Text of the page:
Conservationists promote establishment of mobile marine reserves

Conservationists have pitched a new idea that could save endangered marine animals, such as loggerhead and leatherback turtles, albatross, and sharks, from the threat of overfishing: establish mobile marine reserves as a flexible and effective way to protect the species. These protected areas’ boundaries would reflect the animals’ fluid migration patterns, which leave them in different spots in the ocean throughout the year.

The mobile marine reserves would use tracking devices to follow the populations of endangered animals, and would close the areas with the highest populations of the species to trawlers and industrial fishermen during peak seasons.

As ocean conditions change due to climate change-related factors, such as rising temperatures and ocean acidification, marine species migrate to different areas of the ocean. The regions where the species live can change according to ocean currents and climate, such as El Nino, so the boundaries of the marine reserves could be moved when the species migrates.

The proposal for the mobile marine reserves was brought forth at the American Association for the Advancement of Science’s annual meeting in Vancouver, Canada, a science festival held earlier this month.

At the AAAS meeting, Prof. Larry Crowder of Stanford University said, “Less than 1% of the ocean is protected at this point, and these marine parks tend to be built around things that sit still like coral reefs and seamounts. But tracking studies show that many, many organisms – fish, marine mammals, sea turtles, seabirds and sharks – respond to oceanographic features that don’t have a fixed point. These features are fronts and eddies that may move seasonally, from summer to winter, and from year to year based on oceanographic climate changes like El Nino or the Pacific Decadal Oscillation.”

Current marine reserves are stationary, but since marine animals migrate and ocean conditions change, there is a need to reform this method of marine protection. Marine scientists believe that recent animal tracking data reveals a need for a new marine animal protection system. Tracking devices follow animals over a vast area of oceanic territory, recording their migration patterns as well as their response to different oceanic conditions, such as eddies and the concentration of food in a given area. Since these conditions can change and shift across the ocean, scientists believe that the challenge is to construct reserves that are as dynamic as the species are. However, the improvement of GPS tagging and satellite technology allows researchers and scientists to better understand the behaviors and patterns of several marine species, and would allow conservationists to establish mobile marine reserves.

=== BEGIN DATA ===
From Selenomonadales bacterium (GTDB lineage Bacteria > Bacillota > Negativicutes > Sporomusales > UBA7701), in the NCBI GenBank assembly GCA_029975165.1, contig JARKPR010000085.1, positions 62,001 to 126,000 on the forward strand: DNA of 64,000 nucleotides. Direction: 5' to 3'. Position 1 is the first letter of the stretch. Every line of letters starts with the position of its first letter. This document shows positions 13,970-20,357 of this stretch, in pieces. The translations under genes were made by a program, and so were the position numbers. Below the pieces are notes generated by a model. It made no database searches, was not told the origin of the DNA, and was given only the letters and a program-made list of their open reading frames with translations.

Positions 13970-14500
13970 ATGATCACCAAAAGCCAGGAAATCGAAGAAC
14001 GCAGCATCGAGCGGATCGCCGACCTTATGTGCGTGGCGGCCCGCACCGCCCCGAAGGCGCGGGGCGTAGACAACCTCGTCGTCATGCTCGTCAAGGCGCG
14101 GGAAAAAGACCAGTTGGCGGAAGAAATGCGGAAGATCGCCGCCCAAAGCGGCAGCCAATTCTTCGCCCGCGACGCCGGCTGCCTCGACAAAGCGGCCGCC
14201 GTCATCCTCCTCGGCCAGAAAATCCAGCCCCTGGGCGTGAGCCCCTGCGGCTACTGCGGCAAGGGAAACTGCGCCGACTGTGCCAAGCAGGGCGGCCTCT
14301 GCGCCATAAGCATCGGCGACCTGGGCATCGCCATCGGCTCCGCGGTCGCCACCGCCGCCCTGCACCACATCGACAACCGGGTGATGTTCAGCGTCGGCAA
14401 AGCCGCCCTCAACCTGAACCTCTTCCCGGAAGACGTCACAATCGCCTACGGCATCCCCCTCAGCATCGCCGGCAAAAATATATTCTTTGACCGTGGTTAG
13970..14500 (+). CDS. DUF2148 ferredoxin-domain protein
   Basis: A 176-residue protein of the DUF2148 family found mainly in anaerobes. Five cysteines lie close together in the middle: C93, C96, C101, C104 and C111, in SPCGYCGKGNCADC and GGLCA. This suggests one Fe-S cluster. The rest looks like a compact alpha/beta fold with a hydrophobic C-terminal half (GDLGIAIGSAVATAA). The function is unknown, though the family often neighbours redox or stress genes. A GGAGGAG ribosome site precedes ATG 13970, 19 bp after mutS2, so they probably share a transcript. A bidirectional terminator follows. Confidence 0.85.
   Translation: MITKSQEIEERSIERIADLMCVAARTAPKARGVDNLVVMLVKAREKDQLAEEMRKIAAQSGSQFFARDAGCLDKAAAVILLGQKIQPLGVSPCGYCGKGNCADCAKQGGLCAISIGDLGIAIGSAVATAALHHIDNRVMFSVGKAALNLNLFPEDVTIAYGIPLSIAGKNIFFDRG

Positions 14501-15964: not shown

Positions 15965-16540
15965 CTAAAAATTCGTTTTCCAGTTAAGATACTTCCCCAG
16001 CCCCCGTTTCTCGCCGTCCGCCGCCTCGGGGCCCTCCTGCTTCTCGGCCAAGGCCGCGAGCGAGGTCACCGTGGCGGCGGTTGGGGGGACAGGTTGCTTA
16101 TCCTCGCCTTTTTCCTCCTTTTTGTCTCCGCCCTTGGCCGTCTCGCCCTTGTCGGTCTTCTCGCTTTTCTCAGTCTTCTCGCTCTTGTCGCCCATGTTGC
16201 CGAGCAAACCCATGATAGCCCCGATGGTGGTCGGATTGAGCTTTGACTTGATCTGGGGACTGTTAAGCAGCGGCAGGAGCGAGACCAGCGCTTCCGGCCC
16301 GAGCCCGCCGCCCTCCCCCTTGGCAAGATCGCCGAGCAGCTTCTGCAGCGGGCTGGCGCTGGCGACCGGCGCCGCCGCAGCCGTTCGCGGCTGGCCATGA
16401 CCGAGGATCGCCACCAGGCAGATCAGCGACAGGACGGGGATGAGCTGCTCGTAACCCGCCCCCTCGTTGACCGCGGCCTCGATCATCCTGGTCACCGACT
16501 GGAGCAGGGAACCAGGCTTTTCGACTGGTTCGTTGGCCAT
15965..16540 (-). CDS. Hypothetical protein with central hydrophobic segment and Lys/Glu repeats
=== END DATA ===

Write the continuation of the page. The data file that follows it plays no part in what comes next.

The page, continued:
Prof. Crowder believes that the proposed reserves are realistic. “In addition to knowing where the animals are and how they respond to ocean features, we also know a lot more about where the fishermen are. The fishermen have very precise GPS. So I don’t think it’s outside the realm of possibility to get fishermen to observe where the edge of a mobile reserve is,” he said.

The mobile reserves would apply to areas where large concentrations of a certain species is present, and would prohibit trawlers and fishermen from entering those areas to harvest fish during the time when the species is most concentrated in those areas. These restrictions would protect endangered species and promote sustainable fishing.

One area that would benefit from the mobile reserves is the Pacific convergence zone, a flexible region where two major currents meet, filling the surrounding area with high concentrations of plankton, fish and turtles. Since the area is located approximately 1,000 miles further north in the summer than it is in the winter, mobile protections would benefit the area and allow the fish to thrive, while GPS tracking of the animals would alert scientists of where the area is.

“People might say the only way to achieve conservation for some marine life is to protect it everywhere in the ocean. But if we know where they move to, we don’t need to close the entire Pacific Ocean, we just need to close this place where they are really concentrated,” Crowder said. “The time is right for this idea. We are scientifically primed to do it.”

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